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Quality and content of dental practice websites

Key Points

  • Many members of staff did not know if their practice had a website or what the website address was.

  • Items of essential information were frequently absent.

  • Tooth whitening was promoted on 89% of websites despite legality issues.

  • Many websites advertised Botox injections despite the illegality of advertising prescription-only medications.

Abstract

Aims and objectives To investigate the quality and content of dental practice websites by constructing an audit framework based on regulations, guidance and expert advice, and applying this framework to a random sample of UK dental practices' websites.

Methods An audit framework was constructed and in-depth data collected from a random sample of 150 UK dental practices.

Results Thirty-five percent of dental practices in this study were found to have websites. Compliance with rules and regulations regarding dental practice websites was generally poor. Use of advised content for practice promotion was variable. Many websites were poorly optimised. Eighty-nine percent of the websites advertised tooth whitening, despite the issues surrounding its legality; 25% of the websites advertised Botox even though advertising of prescription only medicines is illegal. Some websites gave misleading information about the specialist status of their dentists.

Conclusions Those responsible for dental practice websites need to be aware of a wide range of regulations and guidance, and are advised to follow expert advice on content and optimisation in order to maximise the potential of their websites.

Introduction

At a time where internet access is increasingly widespread, more and more dental practices are developing websites to attract new patients and provide information and marketing to existing ones. A recent study1 showed that nearly 70% of patients attending clinics at a dental hospital in Cork, Ireland, were using the internet on a daily basis and that 34.5% of patients (or friends/family) researched their present dental condition. Websites also help develop professional branding, which can increase competitive advantage and ensure a more predictable flow of patients.2 Estimates of the value of a website are variable. Dental-design.co.uk, a dental marketing firm, claims on its website that 'on average, clients receive between 5-10 patient contacts per month and in excess of 2,500 page views'. In order to maximise the potential use of a website it is essential to market the website and ensure it is well optimised.

Regulations and guidance that must be considered include the 'Code of Conduct for Dentists for Electronic Commerce in the EU',3 the General Dental Council guidance Standards for dental professionals,4 the Disability Rights Commission report The web: access and inclusion for disabled people,5 the Web Content Accessibility Guidelines (WCAG 1999),6 the Health On the Net Foundation Code of Conduct (HON code),7 and the Freedom of Information Act 2000.8 A study by Addy et al.9 used a survey of 101 websites from dental practices in major towns and cities in England to investigate the compliance with the Electronic Commerce Regulations (2002) and found that no practices were compliant with these regulations.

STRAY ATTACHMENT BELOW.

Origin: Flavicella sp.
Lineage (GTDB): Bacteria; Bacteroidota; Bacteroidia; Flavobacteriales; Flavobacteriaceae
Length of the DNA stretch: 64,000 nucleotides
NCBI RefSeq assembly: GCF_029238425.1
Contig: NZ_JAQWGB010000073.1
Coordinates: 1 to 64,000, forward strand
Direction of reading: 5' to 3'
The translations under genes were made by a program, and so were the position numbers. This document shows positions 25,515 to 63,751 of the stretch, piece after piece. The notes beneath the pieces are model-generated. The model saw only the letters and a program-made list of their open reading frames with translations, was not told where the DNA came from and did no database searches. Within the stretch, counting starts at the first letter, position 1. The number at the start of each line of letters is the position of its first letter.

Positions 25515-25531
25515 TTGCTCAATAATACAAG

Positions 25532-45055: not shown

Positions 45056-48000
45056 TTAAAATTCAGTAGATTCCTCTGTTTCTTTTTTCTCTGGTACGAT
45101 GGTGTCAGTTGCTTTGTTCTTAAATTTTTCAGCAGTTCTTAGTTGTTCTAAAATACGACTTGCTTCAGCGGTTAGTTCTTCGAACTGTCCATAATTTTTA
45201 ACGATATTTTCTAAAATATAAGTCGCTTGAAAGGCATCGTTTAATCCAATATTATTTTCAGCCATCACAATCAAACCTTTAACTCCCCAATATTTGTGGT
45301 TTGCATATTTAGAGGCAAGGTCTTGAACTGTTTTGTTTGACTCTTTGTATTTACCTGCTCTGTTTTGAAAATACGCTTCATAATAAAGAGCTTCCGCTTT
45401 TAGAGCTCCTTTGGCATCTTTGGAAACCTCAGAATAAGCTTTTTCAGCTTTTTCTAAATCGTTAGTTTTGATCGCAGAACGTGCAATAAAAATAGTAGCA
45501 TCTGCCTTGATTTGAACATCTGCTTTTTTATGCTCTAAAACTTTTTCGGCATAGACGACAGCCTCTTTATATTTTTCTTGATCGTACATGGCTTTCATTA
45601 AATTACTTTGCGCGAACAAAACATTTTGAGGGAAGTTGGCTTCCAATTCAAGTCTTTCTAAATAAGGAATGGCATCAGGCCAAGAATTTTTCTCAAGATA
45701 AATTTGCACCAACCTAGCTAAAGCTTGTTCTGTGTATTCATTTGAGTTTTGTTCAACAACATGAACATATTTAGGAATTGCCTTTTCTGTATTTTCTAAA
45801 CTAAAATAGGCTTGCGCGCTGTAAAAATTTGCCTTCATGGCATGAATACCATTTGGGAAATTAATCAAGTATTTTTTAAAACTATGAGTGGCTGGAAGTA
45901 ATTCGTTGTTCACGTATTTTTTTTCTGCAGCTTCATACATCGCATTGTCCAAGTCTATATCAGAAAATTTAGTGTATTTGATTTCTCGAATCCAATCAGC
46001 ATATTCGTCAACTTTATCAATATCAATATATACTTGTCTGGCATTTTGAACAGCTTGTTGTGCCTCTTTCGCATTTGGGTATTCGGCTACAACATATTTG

Several papers10,11,12,13 give advice on creating a practice website. The British Dental Association also offers advice14 and suggest a practice website is a 'vital marketing tool'.

Chestnutt et al.15 found that only 12% of a sample of UK dentists had a practice website, though a further 23% were considering having one. This study also looked at the general impact of the internet on dentistry and concluded that this was generally positive but that there was a long way to go before its full potential was realised.

The aim of this study was to investigate the quality and content of dental practice websites by constructing an audit framework based on regulations, guidance and expert advice, and applying this framework to a random sample of UK dental practices' websites.

Method

An audit framework was devised to identify first what proportion of UK dental practices had websites and then to collect in-depth information about the quality, content, usability, and optimisation of the websites. (This can be seen in completed form in the results section.) There were five subsections: presence of a website, compliance with rules and regulations, content for practice promotion, website optimisation, and additional comments. The aim was to use the most complete possible sampling frame of UK dental practices, as no comprehensive database exists. This is likely to be listings for 'dentist' in the Yellow Pages as it can reasonably be expected that virtually every dental practice in the UK would be listed here. Such a search on Yell.com gives a listing of 12,476 'dentists' where 'dentist' refers to dental practices. A pilot exercise estimated that approximately four in ten dental practices have websites. A sample size of 150 was chosen in order to yield a minimum of 50 websites for the in-depth audit.

Practices were chosen at random from the Yell.com listing. Unfortunately, although Yell.com lists over 12,000 dentists, only the first 100 items from any search can be displayed. Therefore 15 postcode areas were selected from an alphabetically ordered list of all UK postcodes areas (for example, LU, KT). These were selected at random using the random number generator on www.random.org. A Yell.com search was carried out for 'dentist' with each of these postcode areas in the area search box, and from each of these search listings, ten entries were chosen at random again using the random number generator.